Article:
Breath, Eyes, Memory also invokes the body as a map of history. Sophie’s face reminds her mother of her own rape by the Tonton Makout on her way through the cane fields as a child. Sophie’s mother’s testing of her virginity and Sophie’s own forceful rejection of the testing through the breaking of her hymen forever marks her own body as a place of physical trauma. Thus, even though Sophie did not experience a Haiti dominated by the Makout, her own sexuality is marked by the trauma of not being free.
Trauma, love, sexuality and history also work in Danticat’s novels to critique a global feminist agenda. In Breath, Eyes, Memory Sophie frees herself through a multi-cultural, multi-national, women’s support group. Sophie engages in this group ritual not only to free herself, and support the other women, but also to create a brighter future for her daughter. Although The Farming of the Bones does not invoke the same shared, yet multi-vocal, sisterhood it does interrogate the bonds between women in power and women on the receiving end of that power. There is no easy answer in the conversation between Senora Valencia and Amabelle at the end of the book, only the recognition that in Senora’s eyes she had been as much of an activist as she could be and in Amabelle’s the loss was too great to justify clinging to a corrupt system of power.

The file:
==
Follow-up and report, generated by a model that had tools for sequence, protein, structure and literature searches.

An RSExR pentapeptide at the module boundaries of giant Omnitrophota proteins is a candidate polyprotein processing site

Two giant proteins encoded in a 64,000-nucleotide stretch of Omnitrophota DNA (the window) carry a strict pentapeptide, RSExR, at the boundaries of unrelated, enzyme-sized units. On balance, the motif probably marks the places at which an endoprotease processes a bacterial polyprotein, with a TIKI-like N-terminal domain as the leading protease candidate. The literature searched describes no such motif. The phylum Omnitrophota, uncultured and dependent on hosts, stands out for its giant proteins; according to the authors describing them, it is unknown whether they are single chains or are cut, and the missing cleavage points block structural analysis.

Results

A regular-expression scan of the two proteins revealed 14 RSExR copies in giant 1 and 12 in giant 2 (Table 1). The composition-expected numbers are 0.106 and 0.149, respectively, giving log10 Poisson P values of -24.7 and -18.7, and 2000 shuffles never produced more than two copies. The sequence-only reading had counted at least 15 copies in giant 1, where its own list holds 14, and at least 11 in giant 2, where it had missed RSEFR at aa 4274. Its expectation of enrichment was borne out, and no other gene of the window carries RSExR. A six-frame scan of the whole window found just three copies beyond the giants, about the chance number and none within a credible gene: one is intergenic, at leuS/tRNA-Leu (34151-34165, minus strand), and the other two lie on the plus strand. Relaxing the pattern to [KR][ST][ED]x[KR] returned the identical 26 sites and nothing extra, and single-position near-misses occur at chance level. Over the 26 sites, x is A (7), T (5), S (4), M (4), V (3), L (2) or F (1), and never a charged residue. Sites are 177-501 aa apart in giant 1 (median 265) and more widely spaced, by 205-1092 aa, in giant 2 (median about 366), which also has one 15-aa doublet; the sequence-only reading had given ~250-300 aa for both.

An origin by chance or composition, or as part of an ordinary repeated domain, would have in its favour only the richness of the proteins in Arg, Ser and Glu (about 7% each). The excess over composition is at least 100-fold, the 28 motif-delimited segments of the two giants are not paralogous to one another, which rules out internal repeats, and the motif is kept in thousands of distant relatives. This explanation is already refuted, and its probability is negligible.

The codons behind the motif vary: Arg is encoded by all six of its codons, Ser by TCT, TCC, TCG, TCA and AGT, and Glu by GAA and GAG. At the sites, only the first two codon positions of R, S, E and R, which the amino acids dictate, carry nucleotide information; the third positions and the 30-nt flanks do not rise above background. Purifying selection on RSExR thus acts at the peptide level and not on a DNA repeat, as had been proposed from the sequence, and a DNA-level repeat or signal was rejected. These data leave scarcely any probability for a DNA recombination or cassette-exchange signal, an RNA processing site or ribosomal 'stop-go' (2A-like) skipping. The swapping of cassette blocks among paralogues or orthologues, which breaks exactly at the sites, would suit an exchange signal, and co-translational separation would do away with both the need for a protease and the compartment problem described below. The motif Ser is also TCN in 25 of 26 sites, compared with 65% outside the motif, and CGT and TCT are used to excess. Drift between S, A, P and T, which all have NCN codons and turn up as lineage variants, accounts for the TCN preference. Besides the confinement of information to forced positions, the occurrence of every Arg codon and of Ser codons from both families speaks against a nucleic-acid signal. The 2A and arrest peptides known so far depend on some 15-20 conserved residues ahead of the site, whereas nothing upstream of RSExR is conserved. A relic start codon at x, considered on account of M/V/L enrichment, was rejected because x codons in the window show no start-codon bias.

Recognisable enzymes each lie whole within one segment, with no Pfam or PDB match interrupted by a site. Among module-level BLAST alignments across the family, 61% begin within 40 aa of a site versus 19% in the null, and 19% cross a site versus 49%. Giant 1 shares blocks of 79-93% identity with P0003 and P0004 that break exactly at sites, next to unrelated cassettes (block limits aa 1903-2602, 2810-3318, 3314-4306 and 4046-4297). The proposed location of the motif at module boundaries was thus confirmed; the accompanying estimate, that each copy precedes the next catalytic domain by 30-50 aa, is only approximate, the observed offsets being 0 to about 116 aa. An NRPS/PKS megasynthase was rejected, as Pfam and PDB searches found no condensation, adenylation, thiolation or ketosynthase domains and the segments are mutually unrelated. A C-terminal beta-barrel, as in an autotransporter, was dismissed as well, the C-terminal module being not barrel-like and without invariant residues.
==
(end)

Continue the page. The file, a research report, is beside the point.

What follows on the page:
Danticat has explored mother-daughter relationships and migration in her novels and is now ready to address something else (4). Yet, if her work so far is any indication, the consequences of post-colonial migration, i.e. the intersection of race, class, language and gender in transnational and post-colonial Haitians lives, will continue to be an integral part of her invocation of Haiti. (See also Nationalism)
- 1994 Fiction Award The Caribbean Writer
- 1995 Woman of Achievement Award Pushcart Short Story
- 1995 Prize National Book Award nomination for Krik? Krak!
- 1996 Best Young American Novelists for Breath, Eyes, Memory by GRANTA Lila-Wallace-Reader’s Digest Grant
- 1999 American Book Award for The Farming of the Bones
- 1999 The International Flaiano Prize for literature
- 1999 The Super Flaiano Prize for The Farming of the Bones
- 2005 The Story Prize for The Dew Breaker
- 2007 National Book Award nomination for Brother, I’m Dying
- 2007 The National Book Critics Circle Award for Brother, I’m Dying
- 2008 Dayton Literary Peace Prize for Brother, I’m Dying